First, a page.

Georgia's Brad Raffensperger To Testify At Next Public Jan. 6 Hearing

Tuesday's hearing will focus on Donald Trump’s pressure campaign on officials in key states to overturn election results so he could stay in power.
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The House committee investigating the Jan. 6, 2021, Capitol riot will hear from Brad Raffensperger, Georgia’s secretary of state; his deputy Gabriel Sterling; Rusty Bowers, Arizona’s House speaker; and former Georgia election worker Wandrea “Shaye” Moss at the next public hearing scheduled for Tuesday.

Tuesday’s hearing, which is scheduled to begin at 1 p.m. ET, will focus on former President Donald Trump’s pressure campaign on officials in key states to overturn the results of the election so he could stay in power.

The panel will also show Trump’s involvement in the “fake elector” scheme, involving Republicans in seven battleground states trying to form alternate slates of electors.

The plan was for then-Vice President Mike Pence to point to those slates as a reason to cast the election in doubt and not declare Joe Biden as the winner during the Joint Session of Congress counting the Electoral College votes, according to The Washington Post.

“We will show courageous state officials who stood up and said they wouldn’t go along with this plan to either call legislatures back into session or decertify the results for Joe Biden,” Rep. Adam Schiff (D-Calif.) told CNN’s “State of the Union” on Sunday. “The system held because a lot of state and local elections officials upheld their oath to the constitution, a lot of the Republicans, as well as Democrats.”

Bowers told the Associated Press Monday he “was appalled” by what has been shown so far at the public hearings.

“I think it illuminates something we need to see big time, and take stock of ourselves. And I hope it would sober us,” Bowers said.

Trump infamously called Raffensperger on Jan. 2, 2021, asking him to recalculate the certified election results and claiming he had won the race. A recording of the call was first reported by The Washington Post.

“All I want to do is this: I just want to find 11,780 votes, which is one more than we have,” Trump told Raffensperger. “Because we won the state.”

“We don’t agree that you have won,” Raffensperger replied.

Schiff also told the Los Angeles Times on Monday that Mark Meadows, Trump’s then-chief of staff, had “an intimate role … in this plot to put pressure on [Georgia] state legislators and on elections officials.”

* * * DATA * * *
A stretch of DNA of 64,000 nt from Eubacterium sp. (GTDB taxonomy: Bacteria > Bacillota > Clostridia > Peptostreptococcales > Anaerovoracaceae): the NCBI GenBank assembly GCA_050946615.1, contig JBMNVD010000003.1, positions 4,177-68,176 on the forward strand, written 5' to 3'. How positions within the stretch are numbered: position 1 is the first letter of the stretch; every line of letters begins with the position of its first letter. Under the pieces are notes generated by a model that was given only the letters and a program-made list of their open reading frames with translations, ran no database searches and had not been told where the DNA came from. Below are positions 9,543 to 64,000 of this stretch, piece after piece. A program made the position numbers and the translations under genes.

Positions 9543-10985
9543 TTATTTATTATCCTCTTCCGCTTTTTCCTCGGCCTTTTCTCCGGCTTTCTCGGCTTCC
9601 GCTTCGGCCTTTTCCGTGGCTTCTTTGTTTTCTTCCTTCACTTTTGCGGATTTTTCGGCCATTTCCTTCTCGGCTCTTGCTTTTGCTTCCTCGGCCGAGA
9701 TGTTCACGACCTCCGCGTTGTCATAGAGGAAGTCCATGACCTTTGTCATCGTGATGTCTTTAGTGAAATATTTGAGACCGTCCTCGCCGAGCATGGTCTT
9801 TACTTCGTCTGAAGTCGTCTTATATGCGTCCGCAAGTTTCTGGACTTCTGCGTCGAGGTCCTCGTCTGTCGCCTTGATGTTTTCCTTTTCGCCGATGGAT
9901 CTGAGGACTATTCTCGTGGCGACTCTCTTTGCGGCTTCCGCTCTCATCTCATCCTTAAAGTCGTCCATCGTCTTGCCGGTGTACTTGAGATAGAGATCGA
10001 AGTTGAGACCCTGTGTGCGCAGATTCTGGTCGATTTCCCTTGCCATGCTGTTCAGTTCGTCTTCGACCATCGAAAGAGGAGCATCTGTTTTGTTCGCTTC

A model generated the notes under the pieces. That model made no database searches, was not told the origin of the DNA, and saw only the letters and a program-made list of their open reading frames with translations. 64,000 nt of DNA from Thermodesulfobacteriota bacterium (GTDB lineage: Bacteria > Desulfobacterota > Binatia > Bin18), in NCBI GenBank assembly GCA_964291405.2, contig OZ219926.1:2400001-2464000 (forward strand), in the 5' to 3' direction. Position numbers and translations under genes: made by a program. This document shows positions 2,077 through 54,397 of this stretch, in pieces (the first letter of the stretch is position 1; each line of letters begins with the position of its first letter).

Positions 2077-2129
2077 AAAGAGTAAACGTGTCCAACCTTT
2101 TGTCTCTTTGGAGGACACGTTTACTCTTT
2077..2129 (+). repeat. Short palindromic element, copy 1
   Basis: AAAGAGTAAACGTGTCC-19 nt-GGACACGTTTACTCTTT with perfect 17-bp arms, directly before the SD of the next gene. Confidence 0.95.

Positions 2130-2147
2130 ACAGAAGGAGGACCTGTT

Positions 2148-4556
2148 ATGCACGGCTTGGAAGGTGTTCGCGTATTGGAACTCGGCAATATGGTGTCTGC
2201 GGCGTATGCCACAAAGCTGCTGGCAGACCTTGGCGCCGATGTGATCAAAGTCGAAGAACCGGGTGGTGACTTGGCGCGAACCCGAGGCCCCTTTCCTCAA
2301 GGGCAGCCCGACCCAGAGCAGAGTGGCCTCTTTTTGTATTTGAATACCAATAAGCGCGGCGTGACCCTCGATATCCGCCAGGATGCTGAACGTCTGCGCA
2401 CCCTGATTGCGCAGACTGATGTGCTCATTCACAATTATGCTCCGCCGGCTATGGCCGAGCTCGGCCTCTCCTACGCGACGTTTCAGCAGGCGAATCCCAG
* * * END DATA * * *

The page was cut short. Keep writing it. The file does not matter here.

The committee will reveal new evidence showing that Meadows was both present at a key election meeting in Georgia and suggested sending autographed “Make America Great Again” hats to the people conducting the audits, Schiff told the Times.

Moss, the former Georgia election worker testifying, and her mother were the victims of an aggressive smear campaign by Trump and his allies following the election. The two women, who are both Black, faced baseless accusations from the Trump campaign that they processed fake ballots for Biden, comparing the two to drug dealers. After Trump publicly identified them, they said they began receiving racist threats and that strangers began showing up to their homes at night.

Earlier this month, Raffensperger and Sterling testified before a grand jury in Fulton County investigating whether Trump broke the law when he pressured state officials to overturn the 2020 election results.

Sterling helped oversee the 2020 election and the recount ordered in Georgia because of how close the results were between Biden and Trump. Sterling has also criticized Trump and his election lies, including during a press conference in December 2020.

“Stop inspiring people to commit potential acts of violence,” Sterling said, according to PBS NewsHour.

“Someone’s going to get hurt. Someone’s going to get shot. Someone’s going to get killed,” Sterling continued.

Before contacting officials in Georgia, Trump had also tried to pressure officials in other swing states, including Arizona.

Trump, alongside his former personal lawyer Rudy Giuliani, called Bowers after Arizona’s results had been registered, but not certified, in November 2020 to notify him of a state law saying the legislature could pick the state’s electors, according to The Arizona Republic.

Bowers questioned the constitutionality of the request and asked for proof, which the pair never produced.

“You are giving me nothing but conjecture and asking me to break my oath and commit to doing something I cannot do because I swore I wouldn’t. I will follow the Constitution,” Bowers recounted telling Trump and Giuliani, according to The Arizona Republic.

Bowers also said Trump called him again in December 2020, describing their conversation as small talk, but saying the president mentioned their previous call, according to AP.

Bowers was also on the receiving end of emails by Ginni Thomas, the wife of conservative Supreme Court Justice Clarence Thomas, following the 2020 election. She urged Bowers in the emails to choose “a clean slate of Electors” and “stand strong in the face of political and media pressure,” according to The Washington Post.

Rep. Zoe Lofgren (D-Calif.) confirmed the appearance of the election officials at the next hearing.

“These individuals are Republicans. They voted for Trump. They are, you know, supported him,” Lofgren told CNN on Saturday. “But they wouldn’t do illegal things that he asked them to do. So we expect to hear in some detail about the pressure that was placed on them and why they were true to the law instead of the pressure.”

Aside from live witnesses from Georgia and Arizona, the House panel will also air video testimonies of officials from other states who came under pressure to overturn Biden’s win, according to CNN.

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